Updated: September 22, 2019 9:38:32 am
Even as India celebrates its Poshan month, the battle against malnutrition promises to be a long one. While malnutrition has decreased to an extent, the burden of severe acute malnutrition (SAM) is on the rise. According to National Family Health Survey (NFHS-4, 2015-16), in India, 7.5 per cent of children aged under five are suffering from SAM as compared to 6.4 per cent being severely wasted (SAM) as per NFHS-3 (2005-06). Globally, nearly 20 million children aged under five are suffering from SAM and to date, it remains a major cause of death among children. Dr Mrudula Phadke, senior adviser, National Rural Health Mission, Unicef, and former vice-chancellor of Maharashtra University of Health Sciences, tells Anuradha Mascarenhas that in Maharashtra, active case finding through community-based management of acute malnutrition has shown the way forward. Excerpts from an interview:
What is the current burden of malnutrition in Maharashtra? Has it changed over the past five years?
Maharashtra has seen a decline in stunting (too short for their age) by 15 per cent during 2006-12. However, wasting (too thin for their height) and severe wasting (SAM) in Maharashtra have continued to increase over the years, growing from 16.5 per cent and 5.2 per cent in 2005-06 to 25.6 per cent and 9.4 per cent in 2015-16, respectively. While there are several reasons that lead to SAM among children, most studies have highlighted that it is a sociocultural problem. The most common cause of SAM among children is protein or energy insufficiency in their diet.
What is being done to address the issue?
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In 2018, the government set up the Poshan Abhiyaan with the vision to eradicate malnutrition by 2022. Soon after that, Maharashtra became the first state to set up a full-time nutrition mission known as the Rajmata Jijau Mother-Child Health and Nutrition Mission, and it was primarily aligned with the need of young people, the poor and the most vulnerable populations. In response to the growing number of SAM children, Maharashtra also went on to implement a community-based management of severe acute malnutrition (CMAM) strategy, where community workers helped identify and manage cases through use of different centrally and locally produced therapeutic food.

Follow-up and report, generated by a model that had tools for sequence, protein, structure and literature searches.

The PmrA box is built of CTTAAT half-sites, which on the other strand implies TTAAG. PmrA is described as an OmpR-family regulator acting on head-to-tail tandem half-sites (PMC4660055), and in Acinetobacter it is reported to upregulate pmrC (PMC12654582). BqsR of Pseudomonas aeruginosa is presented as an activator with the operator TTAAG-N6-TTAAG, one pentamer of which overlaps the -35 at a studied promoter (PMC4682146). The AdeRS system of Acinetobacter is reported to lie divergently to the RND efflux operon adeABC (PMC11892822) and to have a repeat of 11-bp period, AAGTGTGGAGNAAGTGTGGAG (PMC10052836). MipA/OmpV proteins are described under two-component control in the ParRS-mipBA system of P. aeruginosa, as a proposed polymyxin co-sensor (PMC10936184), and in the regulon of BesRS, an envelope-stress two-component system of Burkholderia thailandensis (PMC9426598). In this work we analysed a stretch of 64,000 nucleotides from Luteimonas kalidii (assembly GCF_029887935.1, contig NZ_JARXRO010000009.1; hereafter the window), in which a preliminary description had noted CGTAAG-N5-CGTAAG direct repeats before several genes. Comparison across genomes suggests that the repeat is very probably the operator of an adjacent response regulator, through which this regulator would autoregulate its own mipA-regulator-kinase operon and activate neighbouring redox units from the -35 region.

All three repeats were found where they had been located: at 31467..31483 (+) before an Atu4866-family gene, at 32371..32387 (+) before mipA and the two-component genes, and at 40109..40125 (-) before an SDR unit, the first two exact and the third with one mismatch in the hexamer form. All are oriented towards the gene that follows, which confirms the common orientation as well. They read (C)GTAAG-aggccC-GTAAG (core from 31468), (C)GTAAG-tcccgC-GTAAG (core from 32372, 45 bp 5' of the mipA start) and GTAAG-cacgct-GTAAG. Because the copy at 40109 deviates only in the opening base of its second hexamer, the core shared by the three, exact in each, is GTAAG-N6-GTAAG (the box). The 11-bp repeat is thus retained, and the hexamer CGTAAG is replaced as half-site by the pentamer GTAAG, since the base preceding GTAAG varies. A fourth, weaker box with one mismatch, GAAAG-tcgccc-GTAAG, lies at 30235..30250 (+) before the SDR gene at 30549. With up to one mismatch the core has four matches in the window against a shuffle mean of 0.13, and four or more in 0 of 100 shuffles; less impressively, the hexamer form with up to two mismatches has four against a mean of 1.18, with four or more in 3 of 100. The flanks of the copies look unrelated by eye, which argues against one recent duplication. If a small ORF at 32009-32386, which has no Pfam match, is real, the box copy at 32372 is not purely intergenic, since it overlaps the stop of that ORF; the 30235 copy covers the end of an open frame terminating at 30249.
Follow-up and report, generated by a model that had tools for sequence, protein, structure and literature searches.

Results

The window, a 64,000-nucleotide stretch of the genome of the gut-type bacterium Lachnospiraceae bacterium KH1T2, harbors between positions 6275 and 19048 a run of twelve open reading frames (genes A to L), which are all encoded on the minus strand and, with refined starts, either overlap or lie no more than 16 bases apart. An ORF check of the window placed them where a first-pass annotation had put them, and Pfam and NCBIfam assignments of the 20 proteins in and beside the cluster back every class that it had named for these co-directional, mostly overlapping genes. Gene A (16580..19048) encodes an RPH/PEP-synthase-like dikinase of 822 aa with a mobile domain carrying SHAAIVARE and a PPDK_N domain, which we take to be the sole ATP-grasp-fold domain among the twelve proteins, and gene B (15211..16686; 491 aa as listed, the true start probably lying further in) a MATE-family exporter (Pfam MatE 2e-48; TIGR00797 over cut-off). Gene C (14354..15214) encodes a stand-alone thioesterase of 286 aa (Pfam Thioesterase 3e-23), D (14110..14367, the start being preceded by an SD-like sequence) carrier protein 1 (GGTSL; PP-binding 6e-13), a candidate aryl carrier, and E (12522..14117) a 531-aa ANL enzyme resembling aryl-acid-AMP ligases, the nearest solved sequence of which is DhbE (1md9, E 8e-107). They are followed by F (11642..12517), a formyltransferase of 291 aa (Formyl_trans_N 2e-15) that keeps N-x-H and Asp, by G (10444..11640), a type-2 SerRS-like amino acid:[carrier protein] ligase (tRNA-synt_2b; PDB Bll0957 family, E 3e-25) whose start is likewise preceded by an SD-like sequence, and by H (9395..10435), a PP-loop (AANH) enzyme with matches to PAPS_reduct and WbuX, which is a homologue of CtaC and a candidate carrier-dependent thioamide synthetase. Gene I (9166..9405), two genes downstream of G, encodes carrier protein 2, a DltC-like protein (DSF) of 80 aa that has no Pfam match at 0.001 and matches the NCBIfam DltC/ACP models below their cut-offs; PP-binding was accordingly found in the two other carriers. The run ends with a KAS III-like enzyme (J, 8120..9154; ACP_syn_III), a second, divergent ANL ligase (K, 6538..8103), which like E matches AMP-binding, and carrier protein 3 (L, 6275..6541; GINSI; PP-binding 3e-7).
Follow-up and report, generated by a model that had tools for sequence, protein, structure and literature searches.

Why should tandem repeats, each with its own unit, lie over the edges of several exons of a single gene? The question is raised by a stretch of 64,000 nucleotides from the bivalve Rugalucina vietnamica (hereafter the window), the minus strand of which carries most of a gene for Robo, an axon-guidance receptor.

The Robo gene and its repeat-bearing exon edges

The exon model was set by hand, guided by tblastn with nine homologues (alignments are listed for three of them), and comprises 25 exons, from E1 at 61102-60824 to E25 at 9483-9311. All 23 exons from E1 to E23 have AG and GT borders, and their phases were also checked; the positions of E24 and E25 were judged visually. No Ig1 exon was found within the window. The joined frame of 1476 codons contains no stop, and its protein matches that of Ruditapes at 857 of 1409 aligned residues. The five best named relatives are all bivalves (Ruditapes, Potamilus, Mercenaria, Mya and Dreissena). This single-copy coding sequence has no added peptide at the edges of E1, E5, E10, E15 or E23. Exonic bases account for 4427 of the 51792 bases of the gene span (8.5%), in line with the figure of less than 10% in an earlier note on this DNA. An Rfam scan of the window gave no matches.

What are the bottlenecks faced by Poshan Abhiyaan in Maharashtra that can be averted by other states?
Community-based management programme is crucial to address SAM in the state. However, the programme faced some bottlenecks. Government reports indicate that there are two primary challenges: one in relation to supply and logistics of therapeutic food (produced in India) sachets to remote parts and the other that over 41 per cent anganwadi centres (AWC) are inaccessible.
What are the key takeaways?
Despite roadblocks, the Maharashtra story is definitely a landmark for India on how CMAM can help address thousands of children who are suffering from SAM, and who, without active community-level efforts continue to go undetected and are usually missed by the health system. Under the CMAM strategy, anganwadi workers (AWW) were particularly instrumental in active case finding, or proactively screening children to detect SAM cases, and were especially helpful in identifying cases in two ways: by making door-to-door visits or by screening them during village health and nutrition days (VHND). As part of Bal Sanjeevani, mothers were also provided counselling, either at their house or in communities, on what to feed their children.
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